Why Unsaturated Fats, Not Cholesterol cause Heart Attacks and Cancer by Dr. Wilfred E. Shute

Unsaturated fat not cholesterol causes cancer

In Dr. Fred Kumerow’s study all his animals on a diet containing heated corn oil developed tumors, and only 1 of 96 survived the 40 month experimental period.

The following is an exerpt from Chapter 8 – Heart Attacks: Causes, Survival and Prevention – of Dr. Wilfrid E. Shute’s Vitamin E Book, published in 1975.

Does Dietary Cholesterol Cause Heart Attacks?

… It may be worthwhile to point out that numerous experts have disagreed with the proponents of this idea ever since it was put forward – but with very little effect.

As early as 1960 Dr. Howard Sprague, a former president of the American Heart Association, told the annual meeting of the Canadian Heart Association to ignore the cholesterol fad.  He reminded his audience that cholesterol is synthesized in every body tissue except the brain.  In 1962, Dr. Phillip L. White, Secretary of the American Medical Association’s Council on Foods, released to the United Press International an official warning which was printed in nearly every newspaper on the North American continent.  This was a statement calling the “anticholesterol fad” a wasted effort that could be dangerous.

In The Lancet for 11 September 1965, the Research Committee announced that there was no significant reduction in mortality rate following the use of a low-fat diet in proven coronary artery disease.  An in 1970 Drs. Shanoff, Little and Csima stated in the Canadian Medical Association Journal that neither the level of serum cholesterol nor that of the lipoprotein fractions (substances containing fats and proteins) is related to survival.  (Anyone who is interested in further information on this should read the comments of Dr. Meyer Texon of New York in the 31 May 1971 issue of the Journal of the American Medical Association.)

Another useful article on the cholesterol controversy is one by Dr. E.R. Pinkney in Medical Counterpoint (1971).  A condensation of this appears in an issue of The Summary and also in Appendix C of this book.

In the condensation there is the comment that although serum cholesterol level “has become the principal indicator of the health of one’s heart and blood vessels to both public and… medical profession,” we still do not know from “good” clinical evidence that a diet-lowered serum cholesterol in any way prevents of modifies heart attacks or heart disease.”

It also points out that serum cholesterol is hard to measure because any stress, even a small one, can alter it.  There is also the statement that serum cholesterol level only drops 3 for each 100mg removed from the diet and that it has not been shown that as a result of reduction of serum cholesterol levels the cholesterol actually leaves the body!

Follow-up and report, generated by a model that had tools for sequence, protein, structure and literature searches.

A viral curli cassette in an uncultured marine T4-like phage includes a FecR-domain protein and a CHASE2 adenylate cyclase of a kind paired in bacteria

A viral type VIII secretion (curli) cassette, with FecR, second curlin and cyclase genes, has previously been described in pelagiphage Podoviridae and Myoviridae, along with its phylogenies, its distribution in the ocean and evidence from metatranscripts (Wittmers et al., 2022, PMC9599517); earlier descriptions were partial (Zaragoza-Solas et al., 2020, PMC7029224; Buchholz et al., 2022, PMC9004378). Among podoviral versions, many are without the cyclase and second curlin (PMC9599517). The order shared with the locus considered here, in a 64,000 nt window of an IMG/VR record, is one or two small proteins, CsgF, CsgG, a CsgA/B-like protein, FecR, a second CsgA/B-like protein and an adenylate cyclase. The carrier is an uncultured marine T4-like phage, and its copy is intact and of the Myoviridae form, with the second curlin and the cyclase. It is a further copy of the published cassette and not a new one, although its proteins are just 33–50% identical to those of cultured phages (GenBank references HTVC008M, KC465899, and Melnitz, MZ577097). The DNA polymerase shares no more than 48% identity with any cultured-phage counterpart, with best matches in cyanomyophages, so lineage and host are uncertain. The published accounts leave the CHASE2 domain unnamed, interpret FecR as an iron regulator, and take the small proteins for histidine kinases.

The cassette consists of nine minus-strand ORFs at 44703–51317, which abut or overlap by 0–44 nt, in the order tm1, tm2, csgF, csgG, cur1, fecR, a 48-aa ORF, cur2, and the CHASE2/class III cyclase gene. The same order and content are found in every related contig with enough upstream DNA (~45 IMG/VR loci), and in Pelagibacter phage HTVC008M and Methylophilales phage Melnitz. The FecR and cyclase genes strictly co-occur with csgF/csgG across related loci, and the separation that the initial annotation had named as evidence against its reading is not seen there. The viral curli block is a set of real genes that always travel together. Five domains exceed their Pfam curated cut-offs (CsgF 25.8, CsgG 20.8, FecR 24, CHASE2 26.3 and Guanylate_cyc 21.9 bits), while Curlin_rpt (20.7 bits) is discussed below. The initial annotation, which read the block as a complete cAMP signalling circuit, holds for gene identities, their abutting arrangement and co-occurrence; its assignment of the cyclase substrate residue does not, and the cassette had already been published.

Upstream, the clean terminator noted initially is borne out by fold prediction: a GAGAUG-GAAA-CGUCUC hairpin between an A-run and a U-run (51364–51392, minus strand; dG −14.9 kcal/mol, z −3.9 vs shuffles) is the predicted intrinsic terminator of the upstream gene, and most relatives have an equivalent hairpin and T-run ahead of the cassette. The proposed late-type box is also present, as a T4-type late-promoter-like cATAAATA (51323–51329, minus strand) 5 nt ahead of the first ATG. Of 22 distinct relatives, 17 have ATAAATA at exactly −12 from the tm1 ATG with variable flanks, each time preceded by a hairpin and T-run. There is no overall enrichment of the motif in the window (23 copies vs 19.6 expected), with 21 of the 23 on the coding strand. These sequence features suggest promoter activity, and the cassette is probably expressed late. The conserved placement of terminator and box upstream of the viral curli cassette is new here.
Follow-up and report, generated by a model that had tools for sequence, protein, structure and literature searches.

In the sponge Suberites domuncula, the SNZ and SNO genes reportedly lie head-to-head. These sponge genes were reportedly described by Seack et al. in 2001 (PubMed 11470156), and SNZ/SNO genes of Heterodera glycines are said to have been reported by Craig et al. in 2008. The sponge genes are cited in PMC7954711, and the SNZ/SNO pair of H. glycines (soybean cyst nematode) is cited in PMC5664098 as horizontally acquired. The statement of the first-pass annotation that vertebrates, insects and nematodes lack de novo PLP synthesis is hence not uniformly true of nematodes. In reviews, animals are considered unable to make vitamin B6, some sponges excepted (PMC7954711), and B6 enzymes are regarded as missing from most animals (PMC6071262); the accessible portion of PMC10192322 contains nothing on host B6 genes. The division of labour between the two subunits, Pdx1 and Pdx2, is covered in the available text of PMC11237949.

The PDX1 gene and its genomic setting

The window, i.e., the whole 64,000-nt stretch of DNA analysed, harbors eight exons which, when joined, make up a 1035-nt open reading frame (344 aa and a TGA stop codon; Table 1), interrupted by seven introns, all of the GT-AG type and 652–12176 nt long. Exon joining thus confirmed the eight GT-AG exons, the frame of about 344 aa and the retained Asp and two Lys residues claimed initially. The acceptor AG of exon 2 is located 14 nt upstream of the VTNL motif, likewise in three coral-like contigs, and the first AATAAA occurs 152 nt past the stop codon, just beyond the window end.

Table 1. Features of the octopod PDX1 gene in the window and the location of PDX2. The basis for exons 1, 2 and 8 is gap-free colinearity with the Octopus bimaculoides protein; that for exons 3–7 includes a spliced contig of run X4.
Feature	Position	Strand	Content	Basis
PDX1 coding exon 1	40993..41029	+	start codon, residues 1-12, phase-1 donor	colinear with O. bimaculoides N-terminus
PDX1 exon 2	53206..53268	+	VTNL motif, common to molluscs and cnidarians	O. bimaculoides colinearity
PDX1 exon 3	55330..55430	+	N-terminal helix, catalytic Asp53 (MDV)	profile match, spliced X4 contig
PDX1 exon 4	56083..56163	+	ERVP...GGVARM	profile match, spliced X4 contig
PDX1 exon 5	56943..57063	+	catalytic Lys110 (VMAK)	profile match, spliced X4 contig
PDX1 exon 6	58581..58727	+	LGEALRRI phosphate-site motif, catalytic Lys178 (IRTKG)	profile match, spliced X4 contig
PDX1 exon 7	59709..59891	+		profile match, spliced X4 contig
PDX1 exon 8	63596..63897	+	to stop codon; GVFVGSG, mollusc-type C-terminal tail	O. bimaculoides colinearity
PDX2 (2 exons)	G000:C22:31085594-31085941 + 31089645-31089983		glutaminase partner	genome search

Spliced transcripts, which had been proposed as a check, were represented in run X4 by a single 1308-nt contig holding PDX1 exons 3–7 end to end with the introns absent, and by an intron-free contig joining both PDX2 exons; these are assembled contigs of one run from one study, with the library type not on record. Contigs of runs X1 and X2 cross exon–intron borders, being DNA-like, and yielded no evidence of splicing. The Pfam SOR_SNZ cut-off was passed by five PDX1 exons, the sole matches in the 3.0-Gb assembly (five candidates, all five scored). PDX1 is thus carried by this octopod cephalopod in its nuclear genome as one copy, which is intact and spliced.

And let me quote here some other paragraphs from the same condensation that I think are particularly interesting:

  • Heating an unsaturated oil (especially corn oil) to 200° for 15 minutes (far less than normal cooking temperatures and time) actually enhances atherosclerosis in animals.
  • In Kumerow’s study all his animals on a diet containing heated corn oil developed tumors, and only one of 96 survived the 40 month experimental period.  None of the animals fed only fresh corn oil developed tumors; all survived.
  • Men on a high P.U.F.A (polyunsaturated fatty acids) diet showed a 65 percent greater incidence of cancer than controls on a standard diet.  The Journal of American Medical Association reporting this finding also noted that those on the high P.U.F.A. diet also had 70 fatal atherosclerotic accidents as compared to only 48 such deaths in the controls; a similar ratio was found for myocardial and cerebral infarcts.

Polyunsaturates may be a primary source of the radicals inside the cell that cause aging.


This and other research suggests that it’s not saturated fat and cholesterol that cause cancer and heart disease, but rather the highly unsaturated fats like corn oil, soy oil, and all other vegetable oils except olive oil and tropical oils like coconut oil.  Saturated fats are protective and unsaturated fats are easily oxidized and act in the body like free radicals.

The practical implications of this tell us that we should cook our food only with butter and coconut oil and eliminate the unsaturated fats from the diet as much as possible.